It's time to thank our veterans for
keeping Canada strong and free.
Messages of Support

Say Thank You to Canada's Veterans

On Remembrance Day, show them how much you care

They stood on guard for thee. Now you can give these brave men and women something in return. On November 11th, you can raise a flag in support of our veterans and make their day.

Honour and give thanks for their sacrifice. Support Operation Raise a Flag today.

Our Veterans
Francess Georgina Halpenny
Royal Canadian Air Force (RCAF)

Francess Halpenny was born on May 27, 1919 in Ottawa, Ontario. Her father was a druggist and was attached to the dispensary in the army during World War I. Her mother, a remarkable woman, was a homemaker who stayed home to look after the family. After the War, Francess, her parents and younger brother moved, first to Maxville in Eastern Ontario, then to Toronto. In 1941, she received her Master’s degree from the University of Toronto (U of T). By the fall of that year she had been hired by the Editorial Department at the U of T Press. One year later, she took leave from her position to join the Royal Canadian Air Force (RCAF) 5th Squadron -- Women’s Division.

“It seemed like the right thing to do,” she said. With her educational background, her skill set was a good match to be selected as a Meteorological Observer. “The role required someone with a bit more education to understand and analyze the weather data collected and make a sensible response.”

For the next three years Francess served her country, spending most of her time stationed at the RCAF base in Torbay, Newfoundland -- eight miles north of St. John’s. At that time it was considered an overseas assignment. The base was an action station and home to fighter squadrons that played a vital role helping to keep the shipping lanes between the North Atlantic and Britain open.

Convoys of ships headed to England with much needed goods for its people along with military supplies and personnel, were high-value targets for the Germans. The Newfoundland coast can be extremely foggy. Having an accurate, up-to-date understanding of weather conditions on any given day, at any given time was critical to determining daily missions and defense flight paths for the squadrons – enabling them to carry out their duties as protectors of the convoys.

“Everything we did was of interest because the flyers depended on the information they were given,” says Francess. “Our job was to observe every hour of weather. We plotted the information we collected from other stations and shared what we collected from ours with them. We worked in eight-hour shifts providing round-the-clock coverage.

“When I enlisted, I had never been to Montreal let alone east of it. During my time in the RCAF, I got to know the Maritimes and became extremely fond of Newfoundland.” Francess spent most of 1945 in Prince Edward Island. The European war was winding down and the efforts turned to planes, personnel and supplies headed to the South Pacific.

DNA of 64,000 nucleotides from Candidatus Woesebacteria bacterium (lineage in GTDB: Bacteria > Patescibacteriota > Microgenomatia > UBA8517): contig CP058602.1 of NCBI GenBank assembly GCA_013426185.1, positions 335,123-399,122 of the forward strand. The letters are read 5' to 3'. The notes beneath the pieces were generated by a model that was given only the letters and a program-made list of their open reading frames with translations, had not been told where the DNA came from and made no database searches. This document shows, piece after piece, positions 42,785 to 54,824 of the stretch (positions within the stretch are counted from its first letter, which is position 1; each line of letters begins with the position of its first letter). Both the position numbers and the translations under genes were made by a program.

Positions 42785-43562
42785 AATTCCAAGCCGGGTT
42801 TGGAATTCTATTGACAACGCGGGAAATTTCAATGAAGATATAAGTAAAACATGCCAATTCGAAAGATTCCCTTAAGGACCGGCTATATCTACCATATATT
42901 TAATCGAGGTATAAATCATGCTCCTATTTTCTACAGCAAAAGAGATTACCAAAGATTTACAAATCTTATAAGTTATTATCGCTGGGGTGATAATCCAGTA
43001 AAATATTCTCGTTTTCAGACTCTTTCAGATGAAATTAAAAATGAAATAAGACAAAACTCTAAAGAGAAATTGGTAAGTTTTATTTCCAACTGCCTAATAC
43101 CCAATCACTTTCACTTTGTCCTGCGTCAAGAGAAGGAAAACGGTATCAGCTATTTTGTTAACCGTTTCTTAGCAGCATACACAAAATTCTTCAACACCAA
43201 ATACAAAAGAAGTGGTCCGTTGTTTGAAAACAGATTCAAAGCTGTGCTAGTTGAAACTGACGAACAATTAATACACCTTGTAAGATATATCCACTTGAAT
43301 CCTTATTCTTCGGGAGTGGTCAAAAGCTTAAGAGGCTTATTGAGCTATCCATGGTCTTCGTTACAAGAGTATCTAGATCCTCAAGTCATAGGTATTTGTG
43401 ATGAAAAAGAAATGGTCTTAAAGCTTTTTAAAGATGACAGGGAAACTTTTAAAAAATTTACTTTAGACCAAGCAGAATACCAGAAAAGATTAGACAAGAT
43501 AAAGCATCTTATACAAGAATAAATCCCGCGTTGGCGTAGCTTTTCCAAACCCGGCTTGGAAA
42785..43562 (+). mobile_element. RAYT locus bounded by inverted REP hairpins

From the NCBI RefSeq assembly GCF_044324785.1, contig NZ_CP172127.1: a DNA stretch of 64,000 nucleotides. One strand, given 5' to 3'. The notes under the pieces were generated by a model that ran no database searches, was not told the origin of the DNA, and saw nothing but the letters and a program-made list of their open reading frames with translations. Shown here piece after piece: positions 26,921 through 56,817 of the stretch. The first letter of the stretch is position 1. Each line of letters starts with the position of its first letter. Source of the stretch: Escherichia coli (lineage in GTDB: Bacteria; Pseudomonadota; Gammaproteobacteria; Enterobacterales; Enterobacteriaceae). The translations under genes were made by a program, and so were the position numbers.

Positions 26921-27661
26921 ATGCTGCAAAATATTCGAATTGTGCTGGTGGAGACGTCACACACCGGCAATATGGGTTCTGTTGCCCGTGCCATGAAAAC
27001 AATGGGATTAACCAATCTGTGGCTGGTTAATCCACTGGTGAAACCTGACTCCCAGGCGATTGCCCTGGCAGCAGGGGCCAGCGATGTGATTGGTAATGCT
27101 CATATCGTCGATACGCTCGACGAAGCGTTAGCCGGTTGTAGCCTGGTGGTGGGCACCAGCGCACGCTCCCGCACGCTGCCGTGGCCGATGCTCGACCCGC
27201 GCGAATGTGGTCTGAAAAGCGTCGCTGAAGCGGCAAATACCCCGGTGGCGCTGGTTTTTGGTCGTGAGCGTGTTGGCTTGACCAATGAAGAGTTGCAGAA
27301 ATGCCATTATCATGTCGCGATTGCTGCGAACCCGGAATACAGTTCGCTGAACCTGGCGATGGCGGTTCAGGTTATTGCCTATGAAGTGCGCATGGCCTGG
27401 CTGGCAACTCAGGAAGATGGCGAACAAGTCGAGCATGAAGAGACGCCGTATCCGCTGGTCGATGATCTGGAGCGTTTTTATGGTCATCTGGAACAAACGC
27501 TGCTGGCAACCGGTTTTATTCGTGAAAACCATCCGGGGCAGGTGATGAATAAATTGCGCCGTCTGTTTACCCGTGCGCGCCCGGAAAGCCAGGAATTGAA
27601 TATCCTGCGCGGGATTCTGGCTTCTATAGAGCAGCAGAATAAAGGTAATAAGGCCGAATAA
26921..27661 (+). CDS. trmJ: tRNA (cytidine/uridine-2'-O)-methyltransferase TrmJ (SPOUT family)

Upon returning home, Francess resumed to her job at the U of T – beginning her life-long association with the University. Over the span of her career, she served as managing editor of the U of T Press, associate director (academic) and dean of the Faculty of Library Science. Her extensive body of work in the areas of academia, editing and librarianship reflect her diversity and dedication.

In 1979, she was made an Officer of the Order of Canada and was promoted to Companion in 1984. She was made a Fellow of the Royal Society of Canada and awarded the Molson Prize for her editorial work on the Dictionary of Canadian Biography. She also received 11 honorary degrees from various Canadian universities.

Francess moved to Sunnybrook Veterans Centre in 2013. Her younger brother and his wife – both Veterans – are also residents.

In reflecting back on her time in the service, Francess had this to say: I was very glad to be able to serve. What we did was an integral part of the mission of the RCAF and I’m very proud of that. No one wants to have to serve, but if they do, they want to put their best effort forward because the lives of others depend on it.”

Don Stewart
Royal Canadian Navy

In the spring of 1942 and just shy of 17, Don enlisted in the Royal Canadian Naval Volunteer Reserve. Thanks to a phony letter of signed permission from his mother, he made it past the recruiting officer. Despite the fact that his parents were not on board with the idea, he ventured off to sea.

As a junior seaman and gunner, he spent three years on the defensively-equipped merchant ships (DEMS) zigzagging across the Pacific and Atlantic Oceans delivering supplies during the Second World War.

"Moving across the Atlantic Ocean, at only eight knots, we were sitting ducks, for the German U-boats," says Don.

Over a period of three years, he saw more than 40 allied ships sink, fortunately he was never hit by a German U-boat or fighter bomber.